Writer and Director: John Patterson
Innocence is an ambitious new two-hander presented by Angel Theatre Company, tackling the rife societal issue of grooming from the perspective of both the accuser and accused.
As the unnamed Man and Boy, Malcolm Jeffries and Theo Watt do a superb job of leading us through their respective tales and it is a testament to their storytelling abilities that this monologue-heavy play doesn’t drag for a moment. Both performers completely inhabit their roles; in Jeffries case he does a clean job of impersonating several characters, and both are genuinely electric to watch.
The piece is staged brilliantly and should certainly be considered another directorial triumph for John Patterson, who also penned the play. Clear character dynamics are established as the audience enter the space, with Man lounging comfortably in a padded chair upstage, while Boy huddles anxiously over a flimsy stool downstage. The imagery of a master and his submissive subject is very effective and aptly sets the tone for the story ahead. Visual levels like this continue to be used intelligently throughout the play as Man begins to unravel when faced with the accusation in the present day, while Boy, recounting the events of the past, seems poised to bring about his downfall.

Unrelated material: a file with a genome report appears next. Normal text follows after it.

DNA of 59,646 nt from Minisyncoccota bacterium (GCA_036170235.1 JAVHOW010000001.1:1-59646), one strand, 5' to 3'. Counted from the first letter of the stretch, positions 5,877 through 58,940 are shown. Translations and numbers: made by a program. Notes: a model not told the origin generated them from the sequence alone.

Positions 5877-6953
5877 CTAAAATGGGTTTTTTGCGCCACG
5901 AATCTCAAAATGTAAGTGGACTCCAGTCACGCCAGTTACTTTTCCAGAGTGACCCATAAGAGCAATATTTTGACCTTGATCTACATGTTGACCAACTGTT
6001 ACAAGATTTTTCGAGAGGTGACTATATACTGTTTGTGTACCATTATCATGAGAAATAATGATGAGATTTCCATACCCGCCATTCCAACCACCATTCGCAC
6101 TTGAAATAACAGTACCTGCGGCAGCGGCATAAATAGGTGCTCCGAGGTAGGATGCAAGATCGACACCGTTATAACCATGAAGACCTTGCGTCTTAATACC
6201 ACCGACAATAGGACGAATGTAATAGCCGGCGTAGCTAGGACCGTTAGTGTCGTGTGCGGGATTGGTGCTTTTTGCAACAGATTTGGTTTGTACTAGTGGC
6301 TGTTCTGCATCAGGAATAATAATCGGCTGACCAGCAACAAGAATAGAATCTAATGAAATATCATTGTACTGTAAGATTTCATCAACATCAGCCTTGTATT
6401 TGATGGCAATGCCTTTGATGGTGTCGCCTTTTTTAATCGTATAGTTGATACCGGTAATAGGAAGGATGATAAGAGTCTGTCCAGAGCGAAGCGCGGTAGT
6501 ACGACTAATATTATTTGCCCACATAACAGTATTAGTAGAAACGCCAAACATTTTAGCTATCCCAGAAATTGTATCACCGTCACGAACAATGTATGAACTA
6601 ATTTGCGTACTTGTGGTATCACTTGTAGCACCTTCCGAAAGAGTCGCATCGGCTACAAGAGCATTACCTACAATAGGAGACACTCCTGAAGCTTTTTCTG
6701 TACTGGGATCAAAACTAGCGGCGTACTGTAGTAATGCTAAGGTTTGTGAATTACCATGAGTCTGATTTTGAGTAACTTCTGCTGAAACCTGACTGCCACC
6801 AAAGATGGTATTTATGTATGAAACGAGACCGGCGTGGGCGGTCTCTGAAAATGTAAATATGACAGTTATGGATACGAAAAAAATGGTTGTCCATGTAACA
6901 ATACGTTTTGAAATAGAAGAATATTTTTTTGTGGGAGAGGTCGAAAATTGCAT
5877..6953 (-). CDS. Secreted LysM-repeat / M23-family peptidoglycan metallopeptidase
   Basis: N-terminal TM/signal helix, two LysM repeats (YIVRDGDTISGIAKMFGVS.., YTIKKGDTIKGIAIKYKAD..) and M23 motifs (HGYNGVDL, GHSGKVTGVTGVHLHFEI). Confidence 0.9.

The writing of the show starts out very strong and the slow build of the relationship between Man and Boy is expertly done. The ways in which moments of special treatment and manipulation (or care and tenderness, depending on your view of the situation) slip in so naturally, almost unnoticeably, is truly disconcerting yet unfortunately accurate of many grooming experiences.
However, Patterson’s desire to leave blame open for debate limits how far the relationship between the pair can eventually develop. When every action needs to be usable by both Man and Boy in their respective ‘version’ of events, it stunts the escalation of the situation.
That is not to say it cannot be done, as Patterson references David Mamet’s iconic piece Oleanna in his writer’s note. However, Mamet takes a lot of big swings in his controversial play, going to the limits of how every action could be interpreted by each character. In comparison, Patterson plays it too safe and fails to deliver much beyond ‘Did he mean it like that?’. If this case leaves the audience guessing, it wouldn’t stand a chance in court.
Innocence is a theatrically engaging, well-executed production dealing with an under-represented topic, and for that it certainly deserves praise. For any audience members close to the subject matter, however, Patterson’s reluctance to dig deep could be a frustrating watch. Also, playing Michael Jackson as the exit music for a production about grooming might not be the best way to encourage serious conversation.
Runs until 13 November 2021